Referring now to FIGS. 2 and 3, one can see that valve housing 18 includes a first valve means comprising a flexible duck-billed diaphragm 30 held inposition by retaining snap ring 34. Duck-billed diaphragm 30 is of one-piece construction comprised of a centrally located duck-billed portion 30a, an integral, generally flat concentric sealing ring portion 30b, and an outer, annular flexible convolute shuttle portion 32. Duck-billed portion 30a is disposed in valve housing 18 such that it preferably extends up into a first patient port 36. Extending generally perpendicular with respect to the axis of the patient port 36 is an exit port 38. Housing 18 also defines an open port 39 which surrounds the firstend 14 of bag 12. Ports 36 and 39 are in flow communication with bag 12, while annular exit port 38 is in selective flow communication with the patient. The annular portion 32 extends beyond the plane defined by the end 36a of patient port 36, and into the annular exit port 38.

Referring now to valve housing 20, one can see that it encloses a second diaphragm valve 40 and a diaphragm body 42. Diaphragm 40 and body 42 define a one-way valve, such valves being well known in the art. In the present invention, fluid is permitted to flow into bag 12 through openings45 only in the direction of arrows 100. Diaphragm 40 is preferably mounted on protrusion 44 centrally located on body 42 as it is also conventional in the art. A cap 46 circumferentially surrounds the body 42 and is disposed on the bag 12 adjacent the second end 16 thereof. Cap 46 has an oxygen inlet port 48 which permits fluid to readily flow into the bag 12, and a flow control orifice 52 as hereinbelow described in greater detail.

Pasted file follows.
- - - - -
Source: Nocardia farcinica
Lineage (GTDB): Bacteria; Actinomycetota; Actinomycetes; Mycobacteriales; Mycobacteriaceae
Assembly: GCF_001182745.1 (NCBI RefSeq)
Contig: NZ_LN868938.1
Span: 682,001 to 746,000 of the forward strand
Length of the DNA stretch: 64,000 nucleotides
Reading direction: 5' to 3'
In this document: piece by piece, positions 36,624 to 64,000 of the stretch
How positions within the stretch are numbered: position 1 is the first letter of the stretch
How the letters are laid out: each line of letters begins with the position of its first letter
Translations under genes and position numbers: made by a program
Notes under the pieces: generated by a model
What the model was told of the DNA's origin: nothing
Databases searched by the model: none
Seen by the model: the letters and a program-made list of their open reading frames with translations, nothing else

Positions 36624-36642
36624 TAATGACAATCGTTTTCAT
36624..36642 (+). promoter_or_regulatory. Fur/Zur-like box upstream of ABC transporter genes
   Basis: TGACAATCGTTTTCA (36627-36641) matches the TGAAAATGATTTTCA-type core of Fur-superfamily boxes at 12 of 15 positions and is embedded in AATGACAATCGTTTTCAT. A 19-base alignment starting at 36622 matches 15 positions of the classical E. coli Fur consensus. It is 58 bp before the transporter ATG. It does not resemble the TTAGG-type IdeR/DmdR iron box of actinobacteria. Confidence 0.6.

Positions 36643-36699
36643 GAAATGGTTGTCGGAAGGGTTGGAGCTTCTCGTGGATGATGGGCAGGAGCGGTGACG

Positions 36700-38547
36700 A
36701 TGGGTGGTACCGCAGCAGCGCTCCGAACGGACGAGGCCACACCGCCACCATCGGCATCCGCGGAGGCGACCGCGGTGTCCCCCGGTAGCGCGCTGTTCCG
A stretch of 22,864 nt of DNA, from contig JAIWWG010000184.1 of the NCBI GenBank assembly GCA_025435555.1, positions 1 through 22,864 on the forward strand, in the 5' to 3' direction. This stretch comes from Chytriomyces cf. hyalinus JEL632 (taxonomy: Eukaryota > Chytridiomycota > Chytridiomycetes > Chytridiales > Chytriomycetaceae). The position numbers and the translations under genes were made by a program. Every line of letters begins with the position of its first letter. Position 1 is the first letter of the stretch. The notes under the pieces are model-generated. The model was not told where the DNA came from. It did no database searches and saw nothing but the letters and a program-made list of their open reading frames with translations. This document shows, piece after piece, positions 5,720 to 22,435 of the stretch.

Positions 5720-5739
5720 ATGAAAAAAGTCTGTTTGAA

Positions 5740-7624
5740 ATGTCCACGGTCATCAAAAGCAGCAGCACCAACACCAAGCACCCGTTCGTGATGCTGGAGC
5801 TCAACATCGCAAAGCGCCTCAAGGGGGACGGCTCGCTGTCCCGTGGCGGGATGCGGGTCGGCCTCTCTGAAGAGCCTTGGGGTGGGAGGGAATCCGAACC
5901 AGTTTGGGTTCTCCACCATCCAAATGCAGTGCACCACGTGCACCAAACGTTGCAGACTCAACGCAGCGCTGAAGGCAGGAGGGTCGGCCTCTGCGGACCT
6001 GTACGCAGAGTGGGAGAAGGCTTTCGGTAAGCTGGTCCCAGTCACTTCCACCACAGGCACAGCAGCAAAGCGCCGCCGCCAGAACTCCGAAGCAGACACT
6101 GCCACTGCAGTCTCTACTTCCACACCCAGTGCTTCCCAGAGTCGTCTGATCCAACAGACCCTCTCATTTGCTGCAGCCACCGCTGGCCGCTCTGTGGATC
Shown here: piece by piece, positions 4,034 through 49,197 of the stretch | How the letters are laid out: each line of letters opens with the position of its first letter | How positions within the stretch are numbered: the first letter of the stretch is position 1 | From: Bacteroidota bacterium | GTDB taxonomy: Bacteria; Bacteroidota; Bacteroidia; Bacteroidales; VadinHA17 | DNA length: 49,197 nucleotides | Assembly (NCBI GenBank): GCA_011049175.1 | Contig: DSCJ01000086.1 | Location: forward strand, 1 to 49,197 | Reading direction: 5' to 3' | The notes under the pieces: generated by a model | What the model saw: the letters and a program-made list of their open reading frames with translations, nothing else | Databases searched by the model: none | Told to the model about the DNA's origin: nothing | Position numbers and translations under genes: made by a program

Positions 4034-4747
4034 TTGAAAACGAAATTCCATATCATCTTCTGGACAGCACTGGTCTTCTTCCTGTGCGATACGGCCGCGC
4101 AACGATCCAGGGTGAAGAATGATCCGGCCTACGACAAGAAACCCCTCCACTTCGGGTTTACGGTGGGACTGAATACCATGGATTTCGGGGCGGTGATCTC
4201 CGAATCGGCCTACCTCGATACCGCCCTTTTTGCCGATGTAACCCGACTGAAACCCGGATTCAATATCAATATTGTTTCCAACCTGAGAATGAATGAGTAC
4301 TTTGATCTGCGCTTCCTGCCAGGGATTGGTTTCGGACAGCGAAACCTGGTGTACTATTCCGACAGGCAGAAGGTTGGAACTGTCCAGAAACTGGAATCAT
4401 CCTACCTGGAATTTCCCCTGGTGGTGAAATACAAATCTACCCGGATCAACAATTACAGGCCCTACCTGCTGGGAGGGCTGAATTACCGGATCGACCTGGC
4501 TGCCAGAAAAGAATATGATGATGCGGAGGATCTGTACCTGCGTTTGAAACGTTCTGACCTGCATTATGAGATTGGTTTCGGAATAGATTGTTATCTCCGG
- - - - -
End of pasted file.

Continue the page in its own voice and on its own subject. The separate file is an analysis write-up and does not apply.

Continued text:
In the operation of assembly 10, as squeeze bag 12 is depressed, internal pressure causes the diaphragm 40 to press against diaphragm body 42 and thus closes off openings 100 and the second end 16 of the bag 12. Fluid within the bag 12 is therefore forced through the duckbilled valve portion30a, port 36 and into mask 24. This is illustrated in FIG. 2. To prevent fluid from flowing out of exit port 38, the flexible diaphragm 30 abuts upagainst tubular extension or end 36a of port 36. More specifically, the generally flat concentric sealing ring 30b abuts against end 36a. In the preferred embodiment end 36a forms a beveled seat to insure proper sealingwith ring 30b. This seals off exit port 38 with respect to the flow of fluid from the bag 12. The operation of squeezing the bag 12 to force a volume of air or other fluid to a patient is generally referred to as forced respiration. If desired, conduit 28 can be joined to a source of fluid such as oxygen or the like so as to create an oxygen rich mixture which can then be directed to the patient.